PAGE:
I'm not going to make the trip because I have more local things to attend to and I don't believe in charging unnecessary costs to the Council.
Thursday, 10 December 2009
The final decision won't be taken until the Full Council has its say in February and Cornwall Council is only responsible for part of the final Council tax bill. The Police, town and parish councils and other agencies such as the Environment Agency can also add 'precepts'.
In June, the Lib Dems stood on a manifesto pledging to limit Cornwall Council's tax rises to the level of inflation over the course of the four year term. Inflation is measured in two different ways. RPI inflation is currently -0.8% and CPI inflation (the more stable version and the Government's preferred measure) is just 1.5%.
Add to this the fact that the Government formula grant for Cornwall for next year has increased by 4.5%.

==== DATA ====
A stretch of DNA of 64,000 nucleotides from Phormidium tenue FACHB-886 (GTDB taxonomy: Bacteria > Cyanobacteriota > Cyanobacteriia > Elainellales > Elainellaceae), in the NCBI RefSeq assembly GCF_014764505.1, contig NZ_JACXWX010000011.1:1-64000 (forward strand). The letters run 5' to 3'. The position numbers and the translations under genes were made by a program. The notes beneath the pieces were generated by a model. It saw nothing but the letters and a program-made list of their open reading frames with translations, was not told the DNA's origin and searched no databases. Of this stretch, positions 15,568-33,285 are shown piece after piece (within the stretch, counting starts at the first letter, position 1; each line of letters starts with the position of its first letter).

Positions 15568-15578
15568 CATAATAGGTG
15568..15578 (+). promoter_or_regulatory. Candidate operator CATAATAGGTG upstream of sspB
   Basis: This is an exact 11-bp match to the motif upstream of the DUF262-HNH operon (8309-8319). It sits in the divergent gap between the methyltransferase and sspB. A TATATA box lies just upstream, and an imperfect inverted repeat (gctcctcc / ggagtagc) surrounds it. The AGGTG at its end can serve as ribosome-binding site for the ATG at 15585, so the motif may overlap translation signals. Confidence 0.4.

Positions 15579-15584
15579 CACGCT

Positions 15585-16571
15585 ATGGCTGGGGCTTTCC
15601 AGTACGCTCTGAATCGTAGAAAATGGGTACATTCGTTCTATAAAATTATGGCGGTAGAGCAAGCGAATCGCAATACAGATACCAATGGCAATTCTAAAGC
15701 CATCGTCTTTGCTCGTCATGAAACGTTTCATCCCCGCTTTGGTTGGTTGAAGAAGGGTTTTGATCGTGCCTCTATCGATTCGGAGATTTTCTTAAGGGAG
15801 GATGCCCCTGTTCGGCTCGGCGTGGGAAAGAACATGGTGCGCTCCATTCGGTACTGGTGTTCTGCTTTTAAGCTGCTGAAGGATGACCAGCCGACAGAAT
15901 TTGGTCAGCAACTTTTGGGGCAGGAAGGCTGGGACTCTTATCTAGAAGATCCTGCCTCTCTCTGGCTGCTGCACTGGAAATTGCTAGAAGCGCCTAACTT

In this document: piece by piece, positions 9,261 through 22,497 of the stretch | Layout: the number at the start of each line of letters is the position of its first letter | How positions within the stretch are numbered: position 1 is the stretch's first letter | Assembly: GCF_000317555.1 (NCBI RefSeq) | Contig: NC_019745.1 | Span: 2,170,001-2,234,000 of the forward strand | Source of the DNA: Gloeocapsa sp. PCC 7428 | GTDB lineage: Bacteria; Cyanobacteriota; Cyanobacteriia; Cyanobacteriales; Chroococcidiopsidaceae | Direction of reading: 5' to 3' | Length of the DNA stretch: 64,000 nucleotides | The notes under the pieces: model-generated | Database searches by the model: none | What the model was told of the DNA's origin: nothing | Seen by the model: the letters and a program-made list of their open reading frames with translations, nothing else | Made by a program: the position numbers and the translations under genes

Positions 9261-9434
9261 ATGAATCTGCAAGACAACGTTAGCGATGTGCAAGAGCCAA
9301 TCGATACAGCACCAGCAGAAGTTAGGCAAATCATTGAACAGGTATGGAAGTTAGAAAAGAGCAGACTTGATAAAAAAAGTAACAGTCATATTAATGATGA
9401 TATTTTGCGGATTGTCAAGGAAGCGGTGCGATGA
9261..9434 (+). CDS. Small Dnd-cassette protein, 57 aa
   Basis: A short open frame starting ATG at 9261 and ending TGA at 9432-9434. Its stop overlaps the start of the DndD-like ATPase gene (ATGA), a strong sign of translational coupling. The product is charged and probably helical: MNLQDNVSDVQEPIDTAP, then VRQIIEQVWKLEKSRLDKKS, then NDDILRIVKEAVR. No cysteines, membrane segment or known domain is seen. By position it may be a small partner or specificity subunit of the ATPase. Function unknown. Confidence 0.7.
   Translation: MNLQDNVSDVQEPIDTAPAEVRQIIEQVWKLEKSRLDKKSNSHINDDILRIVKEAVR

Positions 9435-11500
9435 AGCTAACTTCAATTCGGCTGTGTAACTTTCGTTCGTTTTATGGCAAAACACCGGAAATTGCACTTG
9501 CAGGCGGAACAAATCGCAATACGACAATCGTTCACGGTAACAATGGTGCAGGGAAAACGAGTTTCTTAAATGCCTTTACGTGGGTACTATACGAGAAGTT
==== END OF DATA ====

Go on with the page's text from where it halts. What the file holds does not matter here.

I'll have a much closer look at the budget plans over the next couple of days and post here what they are saying they will do for local services.
The most controversial discussion will be on the new Isles of Scilly link project. The proposal is to build a new combined freight and passenger facility on Penzance harbour including some reclaimed land from the sea. Many Pz residents want to see the freight element moved to an edge of town facility, but the Cabinet is being recommended to accept the combined facility.
The Cabinet's plan may be scuppered however if a planning application (due to be discussed in Pz on Monday) is refused. If it is then there is no time to appeal before funding schemes run out and we will be back to square one.
Later in the agenda, in the confidential section, there is a decision to be made on who will build the new boat and who will operate the new service.
There is a huge report due on the Ofsted Improvement Plan - but this is simply marked 'to follow' so we don't yet know what is in it.
There is a formal report on the Adult Social Care Performance Rating. Cornwall is one of only eight Councils in the country marked simply as adequate but it has been acknowledged that we are now improving.